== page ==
President Donald Trump delivers remarks beside HHS Secretary Alex Azar and Centers for Disease Control and Prevention Director Dr. Robert Redfield during a tour of the Center for Disease Control following a COVID-19 coronavirus briefing in Atlanta, Georgia, U.S., March 6, 2020.
Tom Brenner | Reuters
U.S. Health Secretary Alex Azar and the director of the Centers for Disease Control and Prevention, Dr. Robert Redfield, have been subpoenaed by a House panel investigating the Trump administration’s response to the Covid pandemic.
Rep. James Clyburn, chairman of the Select Subcommittee on the Coronavirus Crisis, said the panel issued the subpoenas Monday, ordering the two officials to produce documents that Clyburn said show political interference that hindered the nation’s response to the pandemic by Dec. 30.
“The subpoenas were necessary because the Select Subcommittee’s investigation has revealed that efforts to interfere with scientific work at CDC were far more extensive and dangerous than previously known,” Clyburn said in a statement.
The subcommittee also released new emails that show political appointees at HHS attempting to interfere with the publication of the CDC’s prestigious Morbidity and Mortality Weekly Reports, or MMWRs. One string of emails released Monday by the subcommittee show appointees at HHS, including then-scientific advisor Paul Alexander, plotting to publicly rebuke a published MMWR.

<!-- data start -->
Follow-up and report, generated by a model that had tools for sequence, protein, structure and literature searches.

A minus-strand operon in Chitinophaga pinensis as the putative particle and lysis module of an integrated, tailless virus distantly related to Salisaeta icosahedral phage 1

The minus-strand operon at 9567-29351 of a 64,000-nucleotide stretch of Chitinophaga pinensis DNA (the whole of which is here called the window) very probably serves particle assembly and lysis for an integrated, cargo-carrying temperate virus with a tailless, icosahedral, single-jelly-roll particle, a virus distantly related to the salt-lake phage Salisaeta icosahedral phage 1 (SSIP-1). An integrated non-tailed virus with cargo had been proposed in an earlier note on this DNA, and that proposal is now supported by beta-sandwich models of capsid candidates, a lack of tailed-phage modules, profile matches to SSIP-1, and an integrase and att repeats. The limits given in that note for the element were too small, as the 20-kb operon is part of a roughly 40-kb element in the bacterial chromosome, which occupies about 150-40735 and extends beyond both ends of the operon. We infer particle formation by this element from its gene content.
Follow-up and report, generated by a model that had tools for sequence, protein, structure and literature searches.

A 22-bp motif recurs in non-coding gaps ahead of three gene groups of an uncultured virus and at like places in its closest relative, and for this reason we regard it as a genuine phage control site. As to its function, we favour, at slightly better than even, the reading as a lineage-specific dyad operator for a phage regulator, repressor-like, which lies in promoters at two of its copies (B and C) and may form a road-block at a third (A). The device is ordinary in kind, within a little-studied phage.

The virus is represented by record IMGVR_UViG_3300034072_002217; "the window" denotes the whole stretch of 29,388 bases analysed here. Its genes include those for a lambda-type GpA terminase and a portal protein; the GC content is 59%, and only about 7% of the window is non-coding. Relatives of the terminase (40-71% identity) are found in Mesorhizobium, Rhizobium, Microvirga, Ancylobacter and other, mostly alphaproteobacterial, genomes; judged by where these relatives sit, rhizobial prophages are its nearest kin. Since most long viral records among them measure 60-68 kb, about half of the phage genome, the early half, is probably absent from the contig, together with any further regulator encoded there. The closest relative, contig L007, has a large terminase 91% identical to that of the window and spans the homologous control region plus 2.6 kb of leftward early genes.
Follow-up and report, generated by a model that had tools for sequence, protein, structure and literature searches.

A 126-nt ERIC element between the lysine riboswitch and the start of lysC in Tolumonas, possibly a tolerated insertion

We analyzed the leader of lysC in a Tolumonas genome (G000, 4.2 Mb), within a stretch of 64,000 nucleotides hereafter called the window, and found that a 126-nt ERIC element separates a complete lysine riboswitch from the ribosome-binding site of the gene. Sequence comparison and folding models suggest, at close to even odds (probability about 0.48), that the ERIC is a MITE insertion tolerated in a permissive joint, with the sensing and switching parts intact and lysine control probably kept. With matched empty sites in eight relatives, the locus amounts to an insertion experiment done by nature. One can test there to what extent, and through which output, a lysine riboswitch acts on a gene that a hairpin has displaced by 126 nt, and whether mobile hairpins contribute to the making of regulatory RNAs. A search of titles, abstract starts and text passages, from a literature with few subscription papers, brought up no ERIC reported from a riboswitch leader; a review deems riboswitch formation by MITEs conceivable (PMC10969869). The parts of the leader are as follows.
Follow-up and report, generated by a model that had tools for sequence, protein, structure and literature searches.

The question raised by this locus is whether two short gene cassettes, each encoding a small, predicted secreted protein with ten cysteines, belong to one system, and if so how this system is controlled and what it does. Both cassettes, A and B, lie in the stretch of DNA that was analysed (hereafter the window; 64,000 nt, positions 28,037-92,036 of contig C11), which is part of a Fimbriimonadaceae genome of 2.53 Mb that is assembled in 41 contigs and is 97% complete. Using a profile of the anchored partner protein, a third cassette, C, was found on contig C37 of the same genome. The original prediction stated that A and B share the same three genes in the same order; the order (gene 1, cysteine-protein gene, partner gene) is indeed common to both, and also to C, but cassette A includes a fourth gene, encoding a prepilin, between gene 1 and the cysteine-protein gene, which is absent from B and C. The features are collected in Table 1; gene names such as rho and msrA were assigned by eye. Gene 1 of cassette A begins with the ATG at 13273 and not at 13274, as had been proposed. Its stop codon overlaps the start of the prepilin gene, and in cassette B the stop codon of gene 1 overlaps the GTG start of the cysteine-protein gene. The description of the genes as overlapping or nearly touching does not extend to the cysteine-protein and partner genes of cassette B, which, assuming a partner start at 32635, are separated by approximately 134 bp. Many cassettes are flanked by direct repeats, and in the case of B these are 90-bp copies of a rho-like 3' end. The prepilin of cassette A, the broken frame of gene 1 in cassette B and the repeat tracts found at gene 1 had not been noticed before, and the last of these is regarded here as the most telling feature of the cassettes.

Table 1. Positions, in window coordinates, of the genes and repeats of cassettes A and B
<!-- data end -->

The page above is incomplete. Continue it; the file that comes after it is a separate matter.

A draft of that rebuttal, which was never published, claimed the MMWR, which was about the anti-malarial drug hydroxychloroquine, “presents factual information with an agenda” and could “prevent the news from giving the proper coverage of a true ‘miracle cure.'”
Early in the pandemic, hydroxychloroquine was hailed by President Donald Trump and others as a highly effective treatment for Covid-19. The Food and Drug Administration authorized its emergency use to treat Covid, but later walked back the authorization, acknowledging there was evidence the drug could actually exacerbate some health conditions in Covid patients.
Dr. Charlotte Kent of CDC stated in an interview with the subcommittee that a public rebuttal to the CDC’s MMWR “could undermine confidence in CDC and in the quality of science that is in MMWR.”
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